A lot of people seem to think that open source is a magic solution to project management and that open source projects will automatically attract a large and healthy community of contributors and users who will improve the software. This, of course, is not the case. In fact, creating a successful open source project is a really major and difficult effort. You have to deliver an initial promise that people find interesting, attract other people, then facilitate and lead the community, etc. You just have to look at all the failed projects on SourceForge that never delivered any code to see that "open source" is not a guarantee for success. Even though project management is a key element of every open source project, there are only few resources about this topic. That's why I always enjoy reading about the experience from open source project leaders. Jim Hall, the founder of the FreeDOS project, recently posted a series of four articles which I find particularly interesting. Here are links to the articles along with a quick summary:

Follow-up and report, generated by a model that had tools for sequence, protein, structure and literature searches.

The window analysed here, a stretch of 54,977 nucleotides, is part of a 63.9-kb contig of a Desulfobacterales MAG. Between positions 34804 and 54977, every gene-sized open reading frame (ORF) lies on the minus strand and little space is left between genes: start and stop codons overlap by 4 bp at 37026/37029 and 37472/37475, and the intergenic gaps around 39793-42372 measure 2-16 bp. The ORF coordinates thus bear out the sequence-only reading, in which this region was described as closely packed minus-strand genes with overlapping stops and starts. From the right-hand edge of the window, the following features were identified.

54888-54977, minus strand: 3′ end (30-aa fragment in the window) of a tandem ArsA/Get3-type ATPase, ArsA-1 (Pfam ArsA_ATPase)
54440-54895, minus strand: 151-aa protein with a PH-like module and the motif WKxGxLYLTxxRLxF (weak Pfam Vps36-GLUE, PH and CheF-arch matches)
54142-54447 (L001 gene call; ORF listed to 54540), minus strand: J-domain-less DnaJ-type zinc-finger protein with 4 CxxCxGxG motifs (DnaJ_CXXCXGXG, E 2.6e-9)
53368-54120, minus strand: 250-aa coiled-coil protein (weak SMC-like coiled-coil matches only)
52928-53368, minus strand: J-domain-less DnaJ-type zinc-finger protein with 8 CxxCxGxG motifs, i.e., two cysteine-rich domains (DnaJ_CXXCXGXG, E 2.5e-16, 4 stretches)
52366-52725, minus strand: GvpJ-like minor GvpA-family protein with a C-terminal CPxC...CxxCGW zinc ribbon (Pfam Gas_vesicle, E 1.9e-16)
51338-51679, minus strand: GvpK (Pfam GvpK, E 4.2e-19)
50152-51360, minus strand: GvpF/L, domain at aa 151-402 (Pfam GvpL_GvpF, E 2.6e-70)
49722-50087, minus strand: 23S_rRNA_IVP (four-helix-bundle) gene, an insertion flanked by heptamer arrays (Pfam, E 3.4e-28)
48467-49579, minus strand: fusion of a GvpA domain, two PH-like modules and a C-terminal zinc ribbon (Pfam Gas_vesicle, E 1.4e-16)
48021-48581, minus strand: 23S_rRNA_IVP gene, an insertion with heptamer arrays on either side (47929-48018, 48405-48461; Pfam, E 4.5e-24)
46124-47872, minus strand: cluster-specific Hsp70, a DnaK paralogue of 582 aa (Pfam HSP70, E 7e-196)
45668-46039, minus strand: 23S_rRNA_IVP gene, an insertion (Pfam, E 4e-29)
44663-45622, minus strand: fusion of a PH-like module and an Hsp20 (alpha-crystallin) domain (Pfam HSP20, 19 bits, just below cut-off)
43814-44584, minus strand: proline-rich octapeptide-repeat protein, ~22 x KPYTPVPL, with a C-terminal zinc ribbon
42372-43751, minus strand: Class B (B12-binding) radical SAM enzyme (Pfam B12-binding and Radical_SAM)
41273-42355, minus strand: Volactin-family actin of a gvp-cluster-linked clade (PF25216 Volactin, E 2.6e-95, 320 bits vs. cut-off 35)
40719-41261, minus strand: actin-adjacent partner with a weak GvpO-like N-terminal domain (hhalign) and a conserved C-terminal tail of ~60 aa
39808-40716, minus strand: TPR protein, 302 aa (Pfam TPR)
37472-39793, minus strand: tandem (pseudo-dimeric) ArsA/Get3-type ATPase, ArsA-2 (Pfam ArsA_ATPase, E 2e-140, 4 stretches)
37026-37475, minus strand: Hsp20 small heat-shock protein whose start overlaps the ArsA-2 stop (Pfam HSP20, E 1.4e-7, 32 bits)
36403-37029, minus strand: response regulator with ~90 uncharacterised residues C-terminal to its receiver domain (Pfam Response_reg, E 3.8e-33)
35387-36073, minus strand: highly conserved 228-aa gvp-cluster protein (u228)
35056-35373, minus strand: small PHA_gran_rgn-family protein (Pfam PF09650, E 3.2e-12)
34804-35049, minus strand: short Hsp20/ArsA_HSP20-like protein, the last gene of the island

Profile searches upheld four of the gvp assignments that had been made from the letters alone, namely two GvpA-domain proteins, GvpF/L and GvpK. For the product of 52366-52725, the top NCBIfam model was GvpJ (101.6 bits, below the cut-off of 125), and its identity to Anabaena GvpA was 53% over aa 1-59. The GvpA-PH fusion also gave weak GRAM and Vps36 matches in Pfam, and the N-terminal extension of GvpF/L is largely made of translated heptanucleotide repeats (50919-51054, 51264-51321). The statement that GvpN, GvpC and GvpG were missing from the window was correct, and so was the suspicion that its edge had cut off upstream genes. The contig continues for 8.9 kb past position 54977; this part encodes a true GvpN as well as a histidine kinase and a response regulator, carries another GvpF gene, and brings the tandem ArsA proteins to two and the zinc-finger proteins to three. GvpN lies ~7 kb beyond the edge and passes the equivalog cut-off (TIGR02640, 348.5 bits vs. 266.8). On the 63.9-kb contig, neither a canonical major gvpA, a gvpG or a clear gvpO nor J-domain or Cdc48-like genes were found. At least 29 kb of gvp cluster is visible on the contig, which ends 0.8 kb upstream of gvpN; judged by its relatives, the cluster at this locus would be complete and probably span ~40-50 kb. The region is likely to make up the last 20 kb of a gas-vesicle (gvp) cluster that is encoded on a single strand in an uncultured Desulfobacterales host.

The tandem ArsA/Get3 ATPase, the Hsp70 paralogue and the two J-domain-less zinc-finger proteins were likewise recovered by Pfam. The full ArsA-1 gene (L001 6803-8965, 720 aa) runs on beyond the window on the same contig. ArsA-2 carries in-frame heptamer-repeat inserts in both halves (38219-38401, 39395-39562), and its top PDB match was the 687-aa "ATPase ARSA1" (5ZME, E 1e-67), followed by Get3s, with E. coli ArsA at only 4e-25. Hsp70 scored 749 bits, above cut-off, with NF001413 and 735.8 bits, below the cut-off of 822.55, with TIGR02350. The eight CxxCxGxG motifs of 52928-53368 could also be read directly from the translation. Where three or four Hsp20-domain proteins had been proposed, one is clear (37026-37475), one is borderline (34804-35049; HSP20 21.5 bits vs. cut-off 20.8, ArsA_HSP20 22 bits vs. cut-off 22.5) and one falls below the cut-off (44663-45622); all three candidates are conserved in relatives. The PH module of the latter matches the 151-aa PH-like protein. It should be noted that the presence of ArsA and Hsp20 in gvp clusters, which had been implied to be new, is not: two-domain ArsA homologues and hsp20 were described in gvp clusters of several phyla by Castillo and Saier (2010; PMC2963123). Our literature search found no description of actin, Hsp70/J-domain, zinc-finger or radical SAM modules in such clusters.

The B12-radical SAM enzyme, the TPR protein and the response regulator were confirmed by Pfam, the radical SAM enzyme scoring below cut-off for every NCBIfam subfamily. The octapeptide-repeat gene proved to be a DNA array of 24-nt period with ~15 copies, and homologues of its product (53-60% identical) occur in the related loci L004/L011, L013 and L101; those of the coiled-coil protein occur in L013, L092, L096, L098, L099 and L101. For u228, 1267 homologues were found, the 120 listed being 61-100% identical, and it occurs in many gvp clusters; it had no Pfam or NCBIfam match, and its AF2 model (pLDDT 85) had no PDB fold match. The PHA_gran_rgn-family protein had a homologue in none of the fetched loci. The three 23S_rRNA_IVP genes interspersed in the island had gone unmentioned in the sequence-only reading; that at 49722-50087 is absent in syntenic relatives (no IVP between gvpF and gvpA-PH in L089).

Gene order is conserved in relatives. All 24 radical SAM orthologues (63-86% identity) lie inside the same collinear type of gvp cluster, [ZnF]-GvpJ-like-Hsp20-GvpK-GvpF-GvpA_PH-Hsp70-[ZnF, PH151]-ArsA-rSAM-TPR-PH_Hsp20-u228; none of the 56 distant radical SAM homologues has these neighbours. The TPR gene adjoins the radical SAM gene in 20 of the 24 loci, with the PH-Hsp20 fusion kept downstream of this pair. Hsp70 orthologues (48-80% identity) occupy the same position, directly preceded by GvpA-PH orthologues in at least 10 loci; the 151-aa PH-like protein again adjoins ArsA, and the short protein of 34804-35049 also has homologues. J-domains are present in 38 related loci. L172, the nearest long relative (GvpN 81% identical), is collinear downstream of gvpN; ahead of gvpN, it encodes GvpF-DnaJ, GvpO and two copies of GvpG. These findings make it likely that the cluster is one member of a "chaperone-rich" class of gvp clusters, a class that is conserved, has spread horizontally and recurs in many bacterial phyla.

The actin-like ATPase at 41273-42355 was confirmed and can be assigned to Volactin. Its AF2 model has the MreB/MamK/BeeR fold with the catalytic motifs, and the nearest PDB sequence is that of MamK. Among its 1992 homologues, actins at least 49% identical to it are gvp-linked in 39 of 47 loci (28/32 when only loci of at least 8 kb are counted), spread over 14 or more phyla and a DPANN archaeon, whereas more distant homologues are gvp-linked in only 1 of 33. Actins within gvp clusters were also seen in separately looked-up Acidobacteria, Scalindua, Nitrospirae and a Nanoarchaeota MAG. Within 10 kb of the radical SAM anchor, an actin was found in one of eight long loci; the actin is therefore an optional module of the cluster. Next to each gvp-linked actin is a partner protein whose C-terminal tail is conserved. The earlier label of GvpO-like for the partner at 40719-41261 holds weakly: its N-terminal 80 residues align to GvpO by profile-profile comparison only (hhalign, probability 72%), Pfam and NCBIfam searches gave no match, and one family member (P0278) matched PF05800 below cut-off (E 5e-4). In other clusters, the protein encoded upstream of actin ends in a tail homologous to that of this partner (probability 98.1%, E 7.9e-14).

- Free and Open Source Software: the first article just describes what free software and open source are all about. It also looks at Raymond's model and compares the cathedral and the bazaar style of development.
- Open source software in the real world: this article summarizes a number of key lessons learned: every project needs a clear purpose (i.e. you have to solve an actual problem); initial users of the software should be recruited as developers; releases are important; and every project needs an active coordinator or maintainer.
- Cultivating Open Source Software: you need a web site; making the source code availability in an easy way is important; documentation is often hard to write but is vital; you need a bug tracking system and responding to bug reports is important to attract good feedback.
- Transitions in an open source software project: finally, when you need to hand over the project, make sure to communicate openly, arrange for your replacement and stick around to ensure a successful hand over.